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Aug 19th 2010

How to Fix the Beautiful Game of Soccer

This week, it was reported that FIFA may do away with ties in the group stage at the world cup to make the games more exciting. That change sounds interesting, but I have (what I think are) several better ideas. After the problems with officiating at this year’s tournament, someone suggested we all write Sepp Blatter urging rule reform. I haven’t yet, but here are my proposed rule changes:

1. Abolish the offside rule to open up the game and increase scoring. It is a dumb rule anyway and it is almost impossible to call offsides correctly in close cases. This is why about half of offsides calls go the wrong way.

Besides, the most exciting play in soccer is when a long pass is played to someone in front of the play. Teams will adjust by spreading the field defensively and the game will hardly notice the change — except that offense and fan excitement will increase. Bad refereeing will be marginalized with this change.

2. Institute instant replay sparingly. Offside, hand ball, and red card scenarios are where replay will be most useful. Maybe add a back judge behind the goal to provide another set of eyes in each penalty area. Have a delayed call like in the NHL where the play can be reviewed at the next natural break (stoppage in play) so as not to disrupt the game. Have a replay team up in the booth. Both basketball and hockey in the US have taken cues from the NFL model and that is great. The NFL was the first to make clarity and tranparency in officiating a reality. Soccer needs this very badly, if only at the world cup once every four years. This change will also help diminish the impact bad refereeing will have on games.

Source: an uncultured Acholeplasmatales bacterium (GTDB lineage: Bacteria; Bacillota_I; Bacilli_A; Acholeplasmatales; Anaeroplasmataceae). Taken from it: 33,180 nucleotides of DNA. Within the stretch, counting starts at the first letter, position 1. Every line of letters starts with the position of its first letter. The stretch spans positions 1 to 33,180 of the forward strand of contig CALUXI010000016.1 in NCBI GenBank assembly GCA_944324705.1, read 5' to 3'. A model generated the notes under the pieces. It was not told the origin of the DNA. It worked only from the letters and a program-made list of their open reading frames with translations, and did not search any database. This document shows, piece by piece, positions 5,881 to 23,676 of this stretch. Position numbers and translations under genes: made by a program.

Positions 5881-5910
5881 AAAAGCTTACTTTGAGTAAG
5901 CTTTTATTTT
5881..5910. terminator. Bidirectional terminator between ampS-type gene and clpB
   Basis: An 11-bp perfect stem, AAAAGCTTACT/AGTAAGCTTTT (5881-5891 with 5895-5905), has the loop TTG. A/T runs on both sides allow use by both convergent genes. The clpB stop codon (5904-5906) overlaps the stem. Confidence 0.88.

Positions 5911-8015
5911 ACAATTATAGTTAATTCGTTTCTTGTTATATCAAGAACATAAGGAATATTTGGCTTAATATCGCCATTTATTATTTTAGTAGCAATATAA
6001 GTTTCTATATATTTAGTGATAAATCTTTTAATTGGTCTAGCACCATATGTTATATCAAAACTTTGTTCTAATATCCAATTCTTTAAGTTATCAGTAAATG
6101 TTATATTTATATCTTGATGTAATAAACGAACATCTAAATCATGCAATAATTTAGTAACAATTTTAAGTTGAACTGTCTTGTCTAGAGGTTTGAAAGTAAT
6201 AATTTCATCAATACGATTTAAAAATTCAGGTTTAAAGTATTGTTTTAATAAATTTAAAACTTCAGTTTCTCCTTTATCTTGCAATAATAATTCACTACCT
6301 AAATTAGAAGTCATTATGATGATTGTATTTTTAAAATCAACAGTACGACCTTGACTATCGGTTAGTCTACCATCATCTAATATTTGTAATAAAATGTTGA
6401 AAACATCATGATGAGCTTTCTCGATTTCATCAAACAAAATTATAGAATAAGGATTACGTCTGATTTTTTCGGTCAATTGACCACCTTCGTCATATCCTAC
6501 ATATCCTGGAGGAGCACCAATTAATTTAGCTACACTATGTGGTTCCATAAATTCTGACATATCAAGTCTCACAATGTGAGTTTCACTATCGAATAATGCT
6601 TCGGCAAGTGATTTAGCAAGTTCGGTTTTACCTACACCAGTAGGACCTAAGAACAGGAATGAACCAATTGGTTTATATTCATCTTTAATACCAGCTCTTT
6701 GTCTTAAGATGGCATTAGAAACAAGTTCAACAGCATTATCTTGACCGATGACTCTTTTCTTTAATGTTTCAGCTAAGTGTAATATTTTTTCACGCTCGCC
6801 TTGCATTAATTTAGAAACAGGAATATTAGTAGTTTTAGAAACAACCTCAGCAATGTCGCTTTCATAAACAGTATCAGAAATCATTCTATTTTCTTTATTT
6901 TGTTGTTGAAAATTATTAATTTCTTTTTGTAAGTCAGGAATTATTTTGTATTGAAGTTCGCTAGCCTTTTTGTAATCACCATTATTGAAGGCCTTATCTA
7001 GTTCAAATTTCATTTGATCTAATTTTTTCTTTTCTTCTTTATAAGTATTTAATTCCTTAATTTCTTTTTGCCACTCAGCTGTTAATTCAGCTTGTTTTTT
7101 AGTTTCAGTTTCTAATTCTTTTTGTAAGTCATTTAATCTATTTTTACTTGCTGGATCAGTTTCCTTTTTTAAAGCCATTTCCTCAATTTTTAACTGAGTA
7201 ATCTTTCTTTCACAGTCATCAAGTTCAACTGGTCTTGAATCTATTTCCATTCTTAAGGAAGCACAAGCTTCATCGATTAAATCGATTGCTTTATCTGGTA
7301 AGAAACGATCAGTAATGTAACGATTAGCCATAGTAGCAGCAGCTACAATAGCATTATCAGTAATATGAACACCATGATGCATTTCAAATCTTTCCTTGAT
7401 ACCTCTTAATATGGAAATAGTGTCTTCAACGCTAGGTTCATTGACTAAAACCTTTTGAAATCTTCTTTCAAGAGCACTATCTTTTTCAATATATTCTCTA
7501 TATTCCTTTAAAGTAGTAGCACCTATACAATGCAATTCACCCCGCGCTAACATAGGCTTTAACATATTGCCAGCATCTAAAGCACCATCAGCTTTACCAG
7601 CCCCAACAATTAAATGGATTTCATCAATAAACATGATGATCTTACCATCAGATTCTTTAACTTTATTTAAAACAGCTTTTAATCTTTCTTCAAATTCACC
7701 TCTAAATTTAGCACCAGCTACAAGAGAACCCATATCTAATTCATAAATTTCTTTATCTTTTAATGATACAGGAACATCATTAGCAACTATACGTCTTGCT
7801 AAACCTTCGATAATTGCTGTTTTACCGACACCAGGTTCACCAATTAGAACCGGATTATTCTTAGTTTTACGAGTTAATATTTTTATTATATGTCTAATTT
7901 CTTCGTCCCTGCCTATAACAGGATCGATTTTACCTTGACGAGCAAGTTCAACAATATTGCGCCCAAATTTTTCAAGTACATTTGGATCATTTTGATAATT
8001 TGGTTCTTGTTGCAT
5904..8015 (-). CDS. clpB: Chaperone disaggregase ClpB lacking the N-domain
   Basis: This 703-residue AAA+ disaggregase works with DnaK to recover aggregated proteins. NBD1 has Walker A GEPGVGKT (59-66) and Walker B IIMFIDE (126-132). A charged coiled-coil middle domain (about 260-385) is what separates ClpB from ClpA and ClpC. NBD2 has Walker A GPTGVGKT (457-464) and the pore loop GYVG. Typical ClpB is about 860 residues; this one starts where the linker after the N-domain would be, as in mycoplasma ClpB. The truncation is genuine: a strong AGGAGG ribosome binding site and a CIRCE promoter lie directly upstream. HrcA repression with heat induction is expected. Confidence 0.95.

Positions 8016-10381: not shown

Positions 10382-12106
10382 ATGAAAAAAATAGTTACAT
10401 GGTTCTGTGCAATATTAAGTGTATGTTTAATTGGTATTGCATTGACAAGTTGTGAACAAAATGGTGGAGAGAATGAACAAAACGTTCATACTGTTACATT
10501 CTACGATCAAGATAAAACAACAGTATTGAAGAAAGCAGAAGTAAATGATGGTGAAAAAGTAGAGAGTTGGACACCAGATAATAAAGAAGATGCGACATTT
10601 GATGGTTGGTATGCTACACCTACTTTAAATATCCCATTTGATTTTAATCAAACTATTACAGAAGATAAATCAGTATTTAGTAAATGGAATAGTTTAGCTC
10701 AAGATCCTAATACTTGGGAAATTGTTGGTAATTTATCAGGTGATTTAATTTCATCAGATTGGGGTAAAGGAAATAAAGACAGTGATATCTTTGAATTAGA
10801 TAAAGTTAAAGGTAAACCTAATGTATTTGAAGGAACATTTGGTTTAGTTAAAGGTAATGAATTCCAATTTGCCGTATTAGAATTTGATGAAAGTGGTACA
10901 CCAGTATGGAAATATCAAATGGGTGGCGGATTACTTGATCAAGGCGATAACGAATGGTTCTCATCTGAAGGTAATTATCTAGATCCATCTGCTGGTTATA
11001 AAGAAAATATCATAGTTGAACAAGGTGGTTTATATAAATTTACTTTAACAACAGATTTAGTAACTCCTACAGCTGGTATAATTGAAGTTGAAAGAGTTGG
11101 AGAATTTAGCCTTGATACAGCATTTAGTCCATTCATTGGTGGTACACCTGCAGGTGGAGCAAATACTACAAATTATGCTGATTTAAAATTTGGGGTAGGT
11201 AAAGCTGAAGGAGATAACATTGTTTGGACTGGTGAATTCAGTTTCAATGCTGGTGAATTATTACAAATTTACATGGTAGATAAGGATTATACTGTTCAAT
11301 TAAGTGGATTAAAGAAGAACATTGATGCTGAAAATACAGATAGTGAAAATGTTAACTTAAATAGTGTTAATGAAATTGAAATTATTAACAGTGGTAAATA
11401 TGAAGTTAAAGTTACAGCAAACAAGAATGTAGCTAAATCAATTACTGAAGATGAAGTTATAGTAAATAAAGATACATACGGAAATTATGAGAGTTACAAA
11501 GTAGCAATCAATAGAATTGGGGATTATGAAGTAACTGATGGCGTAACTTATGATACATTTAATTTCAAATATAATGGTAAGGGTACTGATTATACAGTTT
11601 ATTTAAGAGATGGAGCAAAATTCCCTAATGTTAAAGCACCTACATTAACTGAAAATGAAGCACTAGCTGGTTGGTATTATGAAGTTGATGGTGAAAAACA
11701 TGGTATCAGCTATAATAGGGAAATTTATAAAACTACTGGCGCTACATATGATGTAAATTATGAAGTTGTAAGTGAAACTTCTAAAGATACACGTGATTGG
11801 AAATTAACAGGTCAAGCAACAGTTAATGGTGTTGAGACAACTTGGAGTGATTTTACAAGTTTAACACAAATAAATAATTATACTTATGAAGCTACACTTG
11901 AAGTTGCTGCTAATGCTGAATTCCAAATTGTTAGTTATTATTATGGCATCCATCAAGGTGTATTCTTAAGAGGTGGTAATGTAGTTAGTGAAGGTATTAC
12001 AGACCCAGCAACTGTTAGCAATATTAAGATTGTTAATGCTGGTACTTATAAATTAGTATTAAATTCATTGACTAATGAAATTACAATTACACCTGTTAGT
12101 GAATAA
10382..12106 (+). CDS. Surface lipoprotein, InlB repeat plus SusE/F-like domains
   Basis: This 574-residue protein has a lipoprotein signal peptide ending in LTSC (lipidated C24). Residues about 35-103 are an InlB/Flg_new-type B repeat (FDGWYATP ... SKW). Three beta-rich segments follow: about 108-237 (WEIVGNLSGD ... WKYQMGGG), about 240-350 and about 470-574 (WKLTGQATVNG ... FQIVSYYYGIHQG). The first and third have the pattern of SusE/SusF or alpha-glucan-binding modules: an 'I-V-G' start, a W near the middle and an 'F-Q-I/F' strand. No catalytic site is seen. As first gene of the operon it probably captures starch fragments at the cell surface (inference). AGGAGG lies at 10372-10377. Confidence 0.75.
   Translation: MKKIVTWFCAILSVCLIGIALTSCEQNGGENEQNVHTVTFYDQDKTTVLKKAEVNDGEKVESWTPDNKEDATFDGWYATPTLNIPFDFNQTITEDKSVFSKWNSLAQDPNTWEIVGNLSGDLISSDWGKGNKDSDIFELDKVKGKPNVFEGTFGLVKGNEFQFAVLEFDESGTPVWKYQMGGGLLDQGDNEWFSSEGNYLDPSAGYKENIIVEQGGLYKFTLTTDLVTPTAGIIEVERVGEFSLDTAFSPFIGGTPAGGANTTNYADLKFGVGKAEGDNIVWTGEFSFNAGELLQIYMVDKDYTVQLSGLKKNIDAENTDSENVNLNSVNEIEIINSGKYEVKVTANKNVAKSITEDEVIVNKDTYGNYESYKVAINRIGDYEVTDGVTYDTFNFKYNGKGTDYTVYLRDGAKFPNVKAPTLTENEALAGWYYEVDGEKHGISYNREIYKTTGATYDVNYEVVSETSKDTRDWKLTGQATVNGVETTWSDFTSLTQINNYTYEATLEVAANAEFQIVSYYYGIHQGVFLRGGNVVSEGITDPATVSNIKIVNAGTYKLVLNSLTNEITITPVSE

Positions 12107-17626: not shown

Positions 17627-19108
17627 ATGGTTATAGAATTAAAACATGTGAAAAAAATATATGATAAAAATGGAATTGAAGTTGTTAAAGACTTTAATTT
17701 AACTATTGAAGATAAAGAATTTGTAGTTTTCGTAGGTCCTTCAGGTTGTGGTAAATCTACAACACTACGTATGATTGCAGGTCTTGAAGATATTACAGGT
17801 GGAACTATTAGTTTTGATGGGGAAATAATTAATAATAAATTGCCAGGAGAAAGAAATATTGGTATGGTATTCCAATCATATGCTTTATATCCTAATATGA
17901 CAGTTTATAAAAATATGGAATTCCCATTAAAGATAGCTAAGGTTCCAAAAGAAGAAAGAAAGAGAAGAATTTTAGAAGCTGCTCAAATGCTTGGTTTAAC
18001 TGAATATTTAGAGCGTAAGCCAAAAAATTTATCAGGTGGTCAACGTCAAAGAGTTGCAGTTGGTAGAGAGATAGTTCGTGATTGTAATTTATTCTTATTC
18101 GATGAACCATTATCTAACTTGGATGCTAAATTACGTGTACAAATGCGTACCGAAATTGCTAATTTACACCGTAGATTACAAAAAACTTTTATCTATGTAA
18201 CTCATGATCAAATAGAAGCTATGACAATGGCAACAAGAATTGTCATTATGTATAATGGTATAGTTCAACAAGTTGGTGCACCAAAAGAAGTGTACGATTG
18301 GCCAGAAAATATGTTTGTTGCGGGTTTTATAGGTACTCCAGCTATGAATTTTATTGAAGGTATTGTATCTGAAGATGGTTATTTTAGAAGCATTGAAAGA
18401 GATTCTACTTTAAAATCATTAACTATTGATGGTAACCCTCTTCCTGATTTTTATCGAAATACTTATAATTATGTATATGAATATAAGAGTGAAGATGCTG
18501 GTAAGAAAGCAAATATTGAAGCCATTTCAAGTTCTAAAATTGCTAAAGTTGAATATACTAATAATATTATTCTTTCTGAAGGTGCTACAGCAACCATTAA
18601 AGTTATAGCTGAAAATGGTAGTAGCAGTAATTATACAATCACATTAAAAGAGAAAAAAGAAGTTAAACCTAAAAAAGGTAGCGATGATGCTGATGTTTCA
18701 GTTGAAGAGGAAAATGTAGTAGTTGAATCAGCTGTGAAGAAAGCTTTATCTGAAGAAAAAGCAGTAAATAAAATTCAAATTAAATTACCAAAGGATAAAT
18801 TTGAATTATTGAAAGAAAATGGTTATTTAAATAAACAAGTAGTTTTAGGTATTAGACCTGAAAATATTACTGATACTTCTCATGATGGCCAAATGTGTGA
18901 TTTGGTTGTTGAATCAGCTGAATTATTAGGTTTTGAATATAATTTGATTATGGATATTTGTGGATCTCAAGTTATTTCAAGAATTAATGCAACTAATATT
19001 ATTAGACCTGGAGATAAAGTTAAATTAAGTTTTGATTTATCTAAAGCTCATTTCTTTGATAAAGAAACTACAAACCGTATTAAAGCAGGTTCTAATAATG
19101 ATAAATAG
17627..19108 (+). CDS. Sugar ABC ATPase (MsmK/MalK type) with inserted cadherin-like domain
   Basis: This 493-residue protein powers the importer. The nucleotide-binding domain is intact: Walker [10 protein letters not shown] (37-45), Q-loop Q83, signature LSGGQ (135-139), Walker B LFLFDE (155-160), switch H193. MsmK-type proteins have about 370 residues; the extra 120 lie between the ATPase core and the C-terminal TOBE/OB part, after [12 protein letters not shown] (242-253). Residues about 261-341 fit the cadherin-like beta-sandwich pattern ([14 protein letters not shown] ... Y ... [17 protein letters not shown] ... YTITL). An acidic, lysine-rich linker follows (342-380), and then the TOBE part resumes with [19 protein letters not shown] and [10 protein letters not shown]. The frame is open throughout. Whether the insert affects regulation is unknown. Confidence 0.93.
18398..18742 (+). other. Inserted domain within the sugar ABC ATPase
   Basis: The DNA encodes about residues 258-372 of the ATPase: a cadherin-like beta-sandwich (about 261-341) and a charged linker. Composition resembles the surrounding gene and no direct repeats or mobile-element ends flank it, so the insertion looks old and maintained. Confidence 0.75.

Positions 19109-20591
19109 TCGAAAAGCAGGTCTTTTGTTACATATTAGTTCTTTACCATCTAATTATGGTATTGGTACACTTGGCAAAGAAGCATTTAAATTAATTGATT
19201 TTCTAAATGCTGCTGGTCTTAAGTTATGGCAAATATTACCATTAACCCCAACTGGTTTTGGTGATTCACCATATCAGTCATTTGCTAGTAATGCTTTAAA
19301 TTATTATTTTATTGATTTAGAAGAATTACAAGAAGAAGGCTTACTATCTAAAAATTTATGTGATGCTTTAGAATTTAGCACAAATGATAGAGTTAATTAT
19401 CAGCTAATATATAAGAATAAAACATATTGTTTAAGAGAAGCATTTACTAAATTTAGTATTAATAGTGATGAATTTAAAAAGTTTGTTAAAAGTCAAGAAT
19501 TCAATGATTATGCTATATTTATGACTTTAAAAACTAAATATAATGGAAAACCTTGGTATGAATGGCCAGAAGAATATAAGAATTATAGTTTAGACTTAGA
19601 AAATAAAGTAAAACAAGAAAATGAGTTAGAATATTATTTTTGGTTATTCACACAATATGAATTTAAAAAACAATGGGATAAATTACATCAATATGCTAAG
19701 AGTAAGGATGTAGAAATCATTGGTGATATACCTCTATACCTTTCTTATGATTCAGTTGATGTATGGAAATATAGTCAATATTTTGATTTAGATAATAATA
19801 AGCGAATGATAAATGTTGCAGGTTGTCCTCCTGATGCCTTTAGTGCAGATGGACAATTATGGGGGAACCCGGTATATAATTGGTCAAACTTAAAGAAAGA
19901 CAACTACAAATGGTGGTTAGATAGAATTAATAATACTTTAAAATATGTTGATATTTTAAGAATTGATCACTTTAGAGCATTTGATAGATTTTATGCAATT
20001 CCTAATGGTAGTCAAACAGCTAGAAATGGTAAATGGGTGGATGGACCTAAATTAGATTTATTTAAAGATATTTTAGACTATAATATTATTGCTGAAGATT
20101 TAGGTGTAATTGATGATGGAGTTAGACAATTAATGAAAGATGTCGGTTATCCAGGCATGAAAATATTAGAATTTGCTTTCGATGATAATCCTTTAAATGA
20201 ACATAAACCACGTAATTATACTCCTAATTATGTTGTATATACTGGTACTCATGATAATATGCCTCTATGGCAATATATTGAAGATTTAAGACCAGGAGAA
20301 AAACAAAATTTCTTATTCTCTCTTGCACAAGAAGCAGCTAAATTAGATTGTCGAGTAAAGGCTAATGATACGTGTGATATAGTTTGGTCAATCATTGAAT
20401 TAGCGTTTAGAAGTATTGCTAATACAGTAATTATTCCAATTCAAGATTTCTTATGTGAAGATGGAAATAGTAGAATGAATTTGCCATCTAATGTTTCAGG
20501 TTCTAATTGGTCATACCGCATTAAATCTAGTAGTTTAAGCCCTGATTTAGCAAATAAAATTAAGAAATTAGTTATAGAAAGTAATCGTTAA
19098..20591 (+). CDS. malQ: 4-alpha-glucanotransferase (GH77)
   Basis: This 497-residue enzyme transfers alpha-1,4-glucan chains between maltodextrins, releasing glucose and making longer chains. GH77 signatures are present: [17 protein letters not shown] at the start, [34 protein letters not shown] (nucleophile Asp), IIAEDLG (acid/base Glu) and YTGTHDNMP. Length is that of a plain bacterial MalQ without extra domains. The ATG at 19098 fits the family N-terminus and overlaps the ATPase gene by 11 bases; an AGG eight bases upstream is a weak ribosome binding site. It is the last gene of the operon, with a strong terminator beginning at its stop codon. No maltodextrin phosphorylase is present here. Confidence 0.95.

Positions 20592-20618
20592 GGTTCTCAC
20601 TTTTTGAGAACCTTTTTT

3. Shrink the penalty area by 1/3 or create a ball spot further out — like at the edge of the 18 yard box — for penalty kicks that correspond to edge-of-the-box fouls. Those fouls are whistled too rarely now, and if they are, they can disproportionately impact the game. This change will help insure that players decide the outcome of games, not referees.

4. How hard would it be to have a game clock like most every other sport?How hard would it be to put a guy up in a box who stops the game clock when there is an injury, etc? Then we could all see the time and not have to guess. I don’t mind this soccer quirk, but I think it would help the game’s popularity in the US.

That’s it. Also of note, about 12 years ago, Michelle Kaufman of the Miami Herald wrote one of the laziest columns imaginable on the US men’s olympic ice hockey team.

Recently, she redeemed herself in my eyes with a truly thoughtful piece on FIFA’s reluctance to modernize the game of soccer.

One Response to “How to Fix the Beautiful Game of Soccer”

  1. Marshall

    Outstanding suggestions.